From Publishers Weekly
Hartman self-publishes her mini-comic Amy Unbounded on a copy machine, but the deliciously imaginative series about a medieval nine-year-old girl and her friends and family has built up a devoted following. Last year, Hartman won a Xeric Foundation Grant to publish this collection of stories as her first book. It's a gently paced ensemble comedy of manners, in which Amy observes business intrigue, culture clashes, class machinations among grown-ups (which she doesn't entirely understand), has her first crush and begins reading Belondweg, her fictional country's national epic. Hartman has a historian's eye for the realities of preindustrial life (her characters spend a lot of their time preparing food), and a storyteller's gift for making them fresh and funny. She makes even the standard elements of fantasies set in the Middle Ages seem hilariously normal. In Amy's world, the knight in exile is an uncle who stops by for dinner once a week and the dragon disguised in human form is a grad student researching local customs. Hartman draws the characters in a bold, cartoon style (dots for eyes, bulbous noses), but illustrates her kitchens, churches and peasant outfits with real care. While the story is set in medieval times, Amy and her playmates think and act like contemporary kids. Hartman's stories are driven by her elegant writing. Even minor characters are memorable and vivid, and the story proceeds with the casual verve of Laura Ingalls Wilder's Little House books.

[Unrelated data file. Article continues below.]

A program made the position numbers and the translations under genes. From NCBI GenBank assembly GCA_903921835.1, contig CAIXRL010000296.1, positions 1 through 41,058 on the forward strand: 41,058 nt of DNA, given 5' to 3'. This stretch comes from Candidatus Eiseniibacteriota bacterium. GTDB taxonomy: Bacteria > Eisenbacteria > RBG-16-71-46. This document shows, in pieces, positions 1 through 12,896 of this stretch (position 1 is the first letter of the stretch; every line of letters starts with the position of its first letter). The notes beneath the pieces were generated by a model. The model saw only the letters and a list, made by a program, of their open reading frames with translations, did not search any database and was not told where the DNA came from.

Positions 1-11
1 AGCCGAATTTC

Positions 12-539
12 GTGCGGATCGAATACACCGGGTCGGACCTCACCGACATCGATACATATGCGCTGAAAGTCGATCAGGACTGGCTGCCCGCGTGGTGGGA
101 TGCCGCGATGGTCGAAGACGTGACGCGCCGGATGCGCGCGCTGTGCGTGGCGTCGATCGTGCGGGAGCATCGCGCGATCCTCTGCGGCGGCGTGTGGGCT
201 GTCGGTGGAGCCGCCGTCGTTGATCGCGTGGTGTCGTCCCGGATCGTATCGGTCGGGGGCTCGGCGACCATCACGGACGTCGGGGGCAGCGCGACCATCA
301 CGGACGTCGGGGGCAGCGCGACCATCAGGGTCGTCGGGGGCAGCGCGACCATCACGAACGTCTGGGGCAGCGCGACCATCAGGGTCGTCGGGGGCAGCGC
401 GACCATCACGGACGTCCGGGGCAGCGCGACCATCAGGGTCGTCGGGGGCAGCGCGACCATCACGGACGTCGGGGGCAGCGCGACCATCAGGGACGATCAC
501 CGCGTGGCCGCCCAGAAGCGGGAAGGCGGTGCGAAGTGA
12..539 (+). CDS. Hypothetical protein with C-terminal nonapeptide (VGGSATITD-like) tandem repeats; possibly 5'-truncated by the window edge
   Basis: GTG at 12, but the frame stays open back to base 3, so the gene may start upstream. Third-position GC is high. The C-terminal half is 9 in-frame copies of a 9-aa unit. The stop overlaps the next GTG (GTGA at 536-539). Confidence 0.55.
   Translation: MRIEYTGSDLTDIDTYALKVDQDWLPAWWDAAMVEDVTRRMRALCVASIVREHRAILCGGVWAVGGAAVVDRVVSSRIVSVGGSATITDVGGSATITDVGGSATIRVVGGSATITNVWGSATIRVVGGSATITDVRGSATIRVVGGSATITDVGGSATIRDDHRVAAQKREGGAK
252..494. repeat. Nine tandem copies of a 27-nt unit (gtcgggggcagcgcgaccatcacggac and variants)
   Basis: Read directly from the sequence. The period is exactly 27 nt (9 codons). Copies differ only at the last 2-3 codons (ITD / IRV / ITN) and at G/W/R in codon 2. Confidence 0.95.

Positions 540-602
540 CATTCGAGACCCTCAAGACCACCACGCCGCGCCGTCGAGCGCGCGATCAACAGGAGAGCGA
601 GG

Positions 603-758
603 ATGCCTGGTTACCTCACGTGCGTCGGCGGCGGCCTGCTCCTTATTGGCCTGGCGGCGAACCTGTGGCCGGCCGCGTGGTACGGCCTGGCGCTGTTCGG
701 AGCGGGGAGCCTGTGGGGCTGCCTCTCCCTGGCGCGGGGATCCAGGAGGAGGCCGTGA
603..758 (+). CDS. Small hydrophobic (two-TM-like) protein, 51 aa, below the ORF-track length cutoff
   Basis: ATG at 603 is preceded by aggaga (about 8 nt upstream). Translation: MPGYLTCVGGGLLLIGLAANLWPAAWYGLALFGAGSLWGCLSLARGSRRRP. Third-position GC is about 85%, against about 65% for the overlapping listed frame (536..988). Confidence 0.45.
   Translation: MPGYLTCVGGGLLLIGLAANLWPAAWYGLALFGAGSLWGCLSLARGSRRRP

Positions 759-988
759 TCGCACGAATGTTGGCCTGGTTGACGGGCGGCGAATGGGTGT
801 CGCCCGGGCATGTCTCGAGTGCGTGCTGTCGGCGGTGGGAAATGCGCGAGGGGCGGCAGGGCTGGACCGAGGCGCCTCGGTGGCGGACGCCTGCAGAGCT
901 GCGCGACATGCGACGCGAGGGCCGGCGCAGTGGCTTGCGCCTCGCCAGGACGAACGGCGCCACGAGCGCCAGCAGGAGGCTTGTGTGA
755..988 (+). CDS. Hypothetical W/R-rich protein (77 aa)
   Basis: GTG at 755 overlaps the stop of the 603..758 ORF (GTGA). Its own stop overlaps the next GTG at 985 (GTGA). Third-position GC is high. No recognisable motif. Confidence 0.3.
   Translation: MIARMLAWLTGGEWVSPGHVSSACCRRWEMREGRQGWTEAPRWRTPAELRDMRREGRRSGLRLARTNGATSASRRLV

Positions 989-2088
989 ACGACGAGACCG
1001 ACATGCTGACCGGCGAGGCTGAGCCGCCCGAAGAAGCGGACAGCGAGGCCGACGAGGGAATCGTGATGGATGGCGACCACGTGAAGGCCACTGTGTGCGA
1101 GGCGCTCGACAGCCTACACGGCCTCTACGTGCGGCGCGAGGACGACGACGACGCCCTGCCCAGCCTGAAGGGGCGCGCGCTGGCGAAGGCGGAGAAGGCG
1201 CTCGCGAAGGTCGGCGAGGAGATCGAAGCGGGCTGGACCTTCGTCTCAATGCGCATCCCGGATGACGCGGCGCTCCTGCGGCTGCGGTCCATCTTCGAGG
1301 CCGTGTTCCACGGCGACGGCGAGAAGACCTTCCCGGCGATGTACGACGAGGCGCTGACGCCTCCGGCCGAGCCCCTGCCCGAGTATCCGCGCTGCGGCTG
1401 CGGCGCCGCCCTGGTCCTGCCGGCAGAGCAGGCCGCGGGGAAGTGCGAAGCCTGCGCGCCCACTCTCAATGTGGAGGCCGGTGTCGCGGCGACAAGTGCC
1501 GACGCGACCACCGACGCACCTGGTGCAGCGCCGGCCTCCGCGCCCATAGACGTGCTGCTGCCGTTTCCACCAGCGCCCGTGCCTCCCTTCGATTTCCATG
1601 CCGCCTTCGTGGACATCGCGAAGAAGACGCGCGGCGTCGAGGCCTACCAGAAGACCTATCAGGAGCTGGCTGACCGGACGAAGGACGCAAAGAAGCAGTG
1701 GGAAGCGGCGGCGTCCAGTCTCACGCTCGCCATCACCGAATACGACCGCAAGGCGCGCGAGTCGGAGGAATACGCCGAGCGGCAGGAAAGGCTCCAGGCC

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About the Author
Rachel Hartman had no idea she wanted to be a cartoonist. She sort of tripped and fell into it by mistake. Her comics are enjoyed by women, men, children, frogs, and salamanders. She lives near Philadelphia with her husband, a knight of physics.